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Peter Capaldi Deserves Better As His ‘Doctor Who’ Tenure Ends


Come Christmas Day 2017, Peter Capaldi will no longer play the Doctor in the BBC’s long-running series Doctor Who. The science fiction show’s transition won’t come as a surprise, as the 59-year-old actor announced his decision to leave in January. Capaldi even hinted at the possibility in an Uproxx interview one month prior, though he was smart enough then not to let Schrödinger’s cat out of the bag (or box, rather). For as soon as the British broadcaster made it official, all anyone could talk about — including the Doctor Who team itself — was when, where and how the character would regenerate.

Rumors concerning Capaldi’s replacement, who will be selected by new showrunner Chris Chibnall, have also plagued Doctor Who news feeds ever since — and therein lies the problem. The acclaimed The Thick of It and In the Loop actor deserves far better than a constant barrage of questions about his eventual regeneration (even though I admittedly based an entire column on it), though asking fans and critics alike not to pepper the lead of a popular series with such inquiries is too much. Besides, at least the show itself can provide Capaldi some refuge while allowing him to focus on the work, right?

Wrong, as the show chose to add more fuel to the fire by constantly teasing viewers with fake regenerations (“The Lie of the Land”), as well as what may be a preview of the real deal (“World Enough and Time”). Throw in a season-long advertising campaign hellbent on reminding audiences the 12th Doctor is on his way out and eureka! — just about everything else gets drowned out. Which is sad, since Bill Potts’ (Pearl Mackine) introduction in “The Pilot” promised a whole new vantage with which to see Doctor Who. Like Rose Tyler’s (Billie Piper) first meeting with the Ninth Doctor (Christopher Eccleston) 12 years prior, this new phase hinted at something fans hadn’t experienced in a while: awe.

When the Ninth Doctor saved Rose from certain death in “The Parting of Ways,” he offered her and those watching at home the program’s first explanation of regeneration in decades:

“I might never make sense again. I might have two heads, or no head. Imagine me with no head! And don’t say that’s an improvement, but it’s a bit dodgy, this process. You never know what you’re going to end up with… Every cell in my body is dying… Time Lords have this little trick. It’s sort of a way of cheating death, except it means I’m going to change, and I’m not going to see you again. Not like this. Not with this daft old face.”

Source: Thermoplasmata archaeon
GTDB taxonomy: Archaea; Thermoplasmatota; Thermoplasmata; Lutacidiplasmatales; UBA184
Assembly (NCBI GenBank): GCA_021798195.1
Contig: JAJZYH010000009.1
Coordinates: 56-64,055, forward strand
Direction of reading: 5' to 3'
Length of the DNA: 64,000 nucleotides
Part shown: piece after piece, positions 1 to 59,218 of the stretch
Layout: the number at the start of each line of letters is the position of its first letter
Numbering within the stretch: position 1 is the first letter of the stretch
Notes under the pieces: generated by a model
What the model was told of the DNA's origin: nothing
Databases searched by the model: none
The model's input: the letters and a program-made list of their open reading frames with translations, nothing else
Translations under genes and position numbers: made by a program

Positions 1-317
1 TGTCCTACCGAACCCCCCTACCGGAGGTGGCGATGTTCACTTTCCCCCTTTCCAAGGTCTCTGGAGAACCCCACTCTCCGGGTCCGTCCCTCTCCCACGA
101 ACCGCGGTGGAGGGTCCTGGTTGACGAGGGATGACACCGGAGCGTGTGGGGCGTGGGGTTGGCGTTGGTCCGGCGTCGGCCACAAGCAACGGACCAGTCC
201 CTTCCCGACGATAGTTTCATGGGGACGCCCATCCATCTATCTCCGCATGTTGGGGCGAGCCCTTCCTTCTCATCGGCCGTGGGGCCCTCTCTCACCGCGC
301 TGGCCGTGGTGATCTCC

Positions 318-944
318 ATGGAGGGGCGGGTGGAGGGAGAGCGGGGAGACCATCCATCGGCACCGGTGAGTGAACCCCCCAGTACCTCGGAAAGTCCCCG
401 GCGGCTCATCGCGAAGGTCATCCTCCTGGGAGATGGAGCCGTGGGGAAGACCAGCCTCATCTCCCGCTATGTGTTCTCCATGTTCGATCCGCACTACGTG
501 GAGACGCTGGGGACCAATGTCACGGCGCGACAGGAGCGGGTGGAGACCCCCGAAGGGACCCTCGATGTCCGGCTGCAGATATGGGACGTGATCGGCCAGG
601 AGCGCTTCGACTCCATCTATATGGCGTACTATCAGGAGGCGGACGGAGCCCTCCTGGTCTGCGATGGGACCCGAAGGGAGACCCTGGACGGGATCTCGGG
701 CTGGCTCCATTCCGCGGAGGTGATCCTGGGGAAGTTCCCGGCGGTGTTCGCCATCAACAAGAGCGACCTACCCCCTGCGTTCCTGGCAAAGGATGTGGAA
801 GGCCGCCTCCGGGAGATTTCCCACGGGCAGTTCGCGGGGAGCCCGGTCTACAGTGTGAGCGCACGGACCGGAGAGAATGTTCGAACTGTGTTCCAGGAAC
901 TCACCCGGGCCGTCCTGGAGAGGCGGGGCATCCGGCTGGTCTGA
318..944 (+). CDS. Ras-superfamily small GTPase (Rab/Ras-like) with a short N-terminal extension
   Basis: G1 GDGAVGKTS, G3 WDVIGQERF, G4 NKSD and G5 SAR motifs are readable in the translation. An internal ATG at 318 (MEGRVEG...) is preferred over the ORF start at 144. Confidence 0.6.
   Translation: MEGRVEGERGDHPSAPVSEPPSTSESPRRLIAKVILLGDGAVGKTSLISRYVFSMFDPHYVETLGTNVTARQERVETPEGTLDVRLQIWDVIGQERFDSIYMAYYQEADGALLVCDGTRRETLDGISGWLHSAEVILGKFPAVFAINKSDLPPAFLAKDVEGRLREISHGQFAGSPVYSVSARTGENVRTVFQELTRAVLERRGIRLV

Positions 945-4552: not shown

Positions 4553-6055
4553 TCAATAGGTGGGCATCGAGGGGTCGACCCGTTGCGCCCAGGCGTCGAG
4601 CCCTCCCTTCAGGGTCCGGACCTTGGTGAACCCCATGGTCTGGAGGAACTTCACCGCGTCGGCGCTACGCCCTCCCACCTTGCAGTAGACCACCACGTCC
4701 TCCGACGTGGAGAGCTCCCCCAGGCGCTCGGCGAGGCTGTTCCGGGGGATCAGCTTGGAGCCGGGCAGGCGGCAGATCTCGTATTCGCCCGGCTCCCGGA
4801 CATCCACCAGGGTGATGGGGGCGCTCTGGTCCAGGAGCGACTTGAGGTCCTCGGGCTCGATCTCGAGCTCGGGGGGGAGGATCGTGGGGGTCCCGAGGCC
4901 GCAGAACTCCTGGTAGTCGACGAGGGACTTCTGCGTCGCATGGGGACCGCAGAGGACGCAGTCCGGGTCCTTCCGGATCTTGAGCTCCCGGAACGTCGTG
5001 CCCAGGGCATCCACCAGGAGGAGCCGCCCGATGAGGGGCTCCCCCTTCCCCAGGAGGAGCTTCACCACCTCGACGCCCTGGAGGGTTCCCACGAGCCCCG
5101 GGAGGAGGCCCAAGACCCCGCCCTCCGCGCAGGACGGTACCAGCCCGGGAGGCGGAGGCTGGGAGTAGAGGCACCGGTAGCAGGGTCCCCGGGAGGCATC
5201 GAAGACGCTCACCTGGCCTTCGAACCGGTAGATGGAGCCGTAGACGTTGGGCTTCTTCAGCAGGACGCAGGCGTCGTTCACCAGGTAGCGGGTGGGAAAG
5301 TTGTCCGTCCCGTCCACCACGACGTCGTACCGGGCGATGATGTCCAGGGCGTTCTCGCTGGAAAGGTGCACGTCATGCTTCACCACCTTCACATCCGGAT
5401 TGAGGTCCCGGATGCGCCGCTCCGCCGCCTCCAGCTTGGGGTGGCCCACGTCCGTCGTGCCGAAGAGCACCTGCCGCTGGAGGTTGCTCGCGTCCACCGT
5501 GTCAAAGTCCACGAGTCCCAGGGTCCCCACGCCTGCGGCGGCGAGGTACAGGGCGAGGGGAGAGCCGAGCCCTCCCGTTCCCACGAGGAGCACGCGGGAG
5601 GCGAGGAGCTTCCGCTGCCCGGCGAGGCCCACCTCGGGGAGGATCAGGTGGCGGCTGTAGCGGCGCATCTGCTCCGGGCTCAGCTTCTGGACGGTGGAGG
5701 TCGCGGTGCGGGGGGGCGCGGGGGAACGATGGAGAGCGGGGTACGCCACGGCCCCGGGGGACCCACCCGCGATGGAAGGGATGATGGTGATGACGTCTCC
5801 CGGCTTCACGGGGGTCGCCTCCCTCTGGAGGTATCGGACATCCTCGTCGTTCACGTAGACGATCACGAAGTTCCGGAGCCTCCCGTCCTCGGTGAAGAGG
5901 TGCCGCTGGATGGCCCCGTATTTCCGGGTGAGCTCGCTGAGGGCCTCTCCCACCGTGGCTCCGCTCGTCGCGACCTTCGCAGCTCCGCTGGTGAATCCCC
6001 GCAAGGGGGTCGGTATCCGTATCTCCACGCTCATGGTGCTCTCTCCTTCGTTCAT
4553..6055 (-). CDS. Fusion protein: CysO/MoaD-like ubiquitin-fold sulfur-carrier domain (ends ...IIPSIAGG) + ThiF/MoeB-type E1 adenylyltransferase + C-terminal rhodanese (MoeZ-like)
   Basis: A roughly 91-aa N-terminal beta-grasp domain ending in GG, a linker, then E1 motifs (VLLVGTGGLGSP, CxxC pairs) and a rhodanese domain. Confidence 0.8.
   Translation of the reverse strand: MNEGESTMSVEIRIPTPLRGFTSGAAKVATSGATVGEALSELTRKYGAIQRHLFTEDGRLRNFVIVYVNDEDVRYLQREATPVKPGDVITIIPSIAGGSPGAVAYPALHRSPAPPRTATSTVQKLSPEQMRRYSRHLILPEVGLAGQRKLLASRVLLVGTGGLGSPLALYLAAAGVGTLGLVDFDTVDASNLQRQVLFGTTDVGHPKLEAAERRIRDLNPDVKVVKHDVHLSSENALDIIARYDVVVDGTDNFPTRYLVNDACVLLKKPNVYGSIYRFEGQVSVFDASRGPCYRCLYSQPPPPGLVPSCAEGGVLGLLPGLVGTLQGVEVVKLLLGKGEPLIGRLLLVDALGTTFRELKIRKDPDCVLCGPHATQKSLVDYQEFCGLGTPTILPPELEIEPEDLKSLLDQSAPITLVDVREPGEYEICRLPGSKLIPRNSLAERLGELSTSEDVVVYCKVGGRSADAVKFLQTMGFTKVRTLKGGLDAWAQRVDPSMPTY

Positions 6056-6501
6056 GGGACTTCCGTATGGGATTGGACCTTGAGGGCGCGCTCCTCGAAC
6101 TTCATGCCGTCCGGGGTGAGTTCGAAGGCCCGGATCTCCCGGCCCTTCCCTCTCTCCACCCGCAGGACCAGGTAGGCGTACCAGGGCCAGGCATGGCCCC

This monologue both explains and mystifies the process, leaving Rose and the audience confused. Yet Doctor Who regenerations since have been treated less like an experience and more like a spectacle, as was the case for David Tennant. Like his predecessor before him, the 10th Doctor (Tennant) sacrificed himself for someone else — Wilfred Mott (Bernard Cribbins) in “The End of Time: Part Two.” Unlike Eccleston’s Doctor, however, Tennant’s sadness at his looming departure briefly transformed into rage against Mott and all the others he’d sacrificed himself for, causing him to fly away in his T.A.R.D.I.S. while a somber choral arrangement played him out.

On the one hand, Tennant’s viewers were already caught up with the facts of regeneration thanks to Eccleston’s final bow, so then-showrunner Russell T. Davies can be somewhat forgiven for turning the process into a visual charade. On the other hand, all the bells and whistles outshone the awe it otherwise would have generated. Years later, this happened again when Smith’s 11th Doctor forced showrunner Steven Moffat to conjure a way past the 12 regeneration limit established by the original series. He churned out an acceptable solution that also served the story in “The Time of the Doctor,” but it also dragged Smith’s regeneration on into oblivion. Sure, it provided the actor with more than enough scenery to chew through as he bid farewell to Doctor Who, but the conceit also put regeneration ahead of everything else.

This is precisely what has happened to Capaldi, albeit throughout most of the season. When the final run began in June, Moffat amplified the process by telling BBC Radio 4, “every regeneration is different, but we are playing it slightly differently this time.” The outgoing head writer and executive producer later stressed Capaldi was the “most emotional Doctor” in the series’ history, perhaps as a mea culpa, but subsequently dug right back into regeneration in a Doctor Who Magazine interview. “[W]e’re gonna keep it funny, and we’re gonna keep it lively, as well as sad,” he said. “Doctor Who will laugh bravely into that good night.”

As of this writing, I haven’t watched the screener for “The Doctor Falls” yet, so the precise nature of the 12th Doctor’s regeneration remains a mystery. Whatever Moffat has in store for the curmudgeonly, Scottish-accented Time Lord may overshadow an entire season’s worth of teasing — especially if rumors about who will appear alongside Capaldi’s Doctor prove true. Even if this proves to be the case, however, it doesn’t change the perception that the esteemed actor was done a disservice during what ought to have been his victory lap. Peter Capaldi deserves better.

Peter Capaldi returns one final time to Doctor Who on Christmas Day 2017.

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